According to the car's manufacturer's data, the Karl needs 4,9 l of LPG per 100 km of highway driving, 7,1 l/100 km in the city and 5,7 l/100 km on average. Just for comparion, when running on petrol it requires on average 4,6 l/100 km, but don't be fooled by the sheer figures since autogas is usually by approx. 50 percent cheaper than its conventional counterpart. Given the fuel economy figures and current fuel prices, the only kind of motor vehicle cheaper to run than a Karl LPGTEC would probably be... a moped. As for CO2 emissions, the autogas-powered pocket-sized Opel spews out 93 g/km, which is less than the special ECO version running on petrol, which emits 99 g/km.
The range has a high level standard specification compared to similar vehicles from other manufacturers, including a lane departure warning system, cruise control, speed limiter, trip computer (instant MPG, average MPG, average speed, stop watch and trip computer), tyre pressure monitoring system, electronic stability program and traction control, front fog lamps and cornering lamps.
My parents got a ’66 Wagon in December, 1965, just after the ’57 Beetle they had owned ground its engine to bits on the way to my grandmother’s house in ‘DC. I still remember the chemical smell of the upholstery, those black rocker switches on the left side of the dash with little diagrams in lieu of English, and the twin plastic bulges in the “way back” for the fuel tank and spare tire. The clutch pedal fell apart the first year, and I remember it being an ongoing battle getting it to start in wet weather; GM sold (thanks for nothing!) some kit that was supposed to fix the problem, but it never really went away. The rest of the clutch also eventually fell apart, though I’m not sure if that was Opel’s fault or that of the last person to service it. My father got $50 for it just before he took delivery of a fuel-injected VW Type 3 “Squareback” in 1969; a much better car for only a little more money. There seem to be plenty of references to Kadettes loosing parts in these comments, so I can’t help but assume that they weren’t screwed together all that well. But I also suspect that with more diligent customer support from GM and Buick, these problems would have stayed fixed longer, some of the chronic problems of this car (like starting in North-American weather) would have been worked out and they would have stayed on the road longer. Such support was probably more than what anyone could expect from a Buick dealer used to selling twice the car at twice the price.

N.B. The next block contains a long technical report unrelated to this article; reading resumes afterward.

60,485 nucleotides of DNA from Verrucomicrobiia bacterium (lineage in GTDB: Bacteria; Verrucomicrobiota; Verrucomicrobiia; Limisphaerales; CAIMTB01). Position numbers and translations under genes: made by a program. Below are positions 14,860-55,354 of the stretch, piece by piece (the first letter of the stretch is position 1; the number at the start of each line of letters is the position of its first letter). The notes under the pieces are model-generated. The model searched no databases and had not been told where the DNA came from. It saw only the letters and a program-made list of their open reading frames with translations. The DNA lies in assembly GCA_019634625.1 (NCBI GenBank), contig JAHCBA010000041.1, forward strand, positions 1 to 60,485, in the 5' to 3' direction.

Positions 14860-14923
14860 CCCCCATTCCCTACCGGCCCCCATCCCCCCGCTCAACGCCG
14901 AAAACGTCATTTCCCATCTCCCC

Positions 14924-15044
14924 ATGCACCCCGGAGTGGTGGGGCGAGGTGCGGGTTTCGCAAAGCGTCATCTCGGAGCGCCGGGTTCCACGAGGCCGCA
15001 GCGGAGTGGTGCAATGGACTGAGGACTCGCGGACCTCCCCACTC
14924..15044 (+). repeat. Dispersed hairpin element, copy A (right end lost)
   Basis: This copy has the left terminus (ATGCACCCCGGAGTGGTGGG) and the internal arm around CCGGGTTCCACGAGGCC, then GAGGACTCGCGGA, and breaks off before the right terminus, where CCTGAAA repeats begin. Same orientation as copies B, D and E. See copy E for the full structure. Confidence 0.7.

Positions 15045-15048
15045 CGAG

In 1982 Opel once again accomplished a great feat with a small car: the Corsa A joined the range below the Kadett, which by now was becoming a compact model. Designed by Chief Designer Erhard Schnell, who also penned the legendary Opel GT, the only 3.62m-long Corsa was notable for its prominent rally-car wheel arches and a drag coefficient of 0.36. Offered initially as a two-door hatchback and sedan, and a five-door as of 1985, the Corsa again demonstrated how masterfully Opel can generate space on a small platform. The 100hp GSi also combined frugality with fun. Originally conceived as an entry-level model for those on a tight budget, the Corsa A had become a bestseller by 1993 with a total of 3.1 million units sold.
Acceleration and braking benefit from every kg saved. Lightweight design is therefore strategically important at Opel. The current Opel Astra, which premiered in 2015, set new standards in this respect. The 2016 “European Car Of The Year” is up to 200kg lighter than its predecessor. As a result, the agility and ride comfort of the Astra are significantly improved; throttle reaction is more responsive, the steering reacts more dynamically, the driving experience is more engaging. The weight reduction will have a similar effect on the new Corsa.
In 1992 a potent turbocharged four-wheel-drive version joined the range. The 204bhp Calibra had a six-speed gearbox and an independent rear end borrowed from the Omega. Unlike the regular car, this Calibra Turbo struggled to find a following as it was complex and expensive, and the lack of a motorsport pedigree didn't help. The following year saw the introduction of perhaps the most sought after Calibra model. Dropping a 168bhp 2.5 V6 engine into the Calibra made for a refined and highly enjoyable grand tourer, a role that suited the spacious and comfortable car well.
Typically, although a far better car, like the Chevette all Kadett models have been the butt of jokes in Europe, particularly for being very common (the quintessential middle-class car in Germany and the Netherlands), very prone to rust and very easy to steal. While essentially good cars, and always praised as such by contemporary press, these gave Opel its commoner reputation it is still struggling to shake off.
Rüsselsheim.  In 2019 Opel celebrates 120 years of automobile production – and thereby 120 years full of innovations for everyone. The German brand has a tradition of pioneering high-tech advancements and quickly bringing them to series production. This makes mobility affordable for many and the cars safer, cleaner, more comfortable and more practical. The 120 years advertising campaign, “Opel. Born in Germany. Made for everyone.” is based on this philosophy. It was as true of the first Opel – the Patentmotorwagen “System Lutzmann” of 1899 – as of all the other models that followed, from the “Doktorwagen” to “Laubfrosch” (Tree Frog), P4 and Kadett. Today the philosophy matches the Opel Corsa more than any other model.
×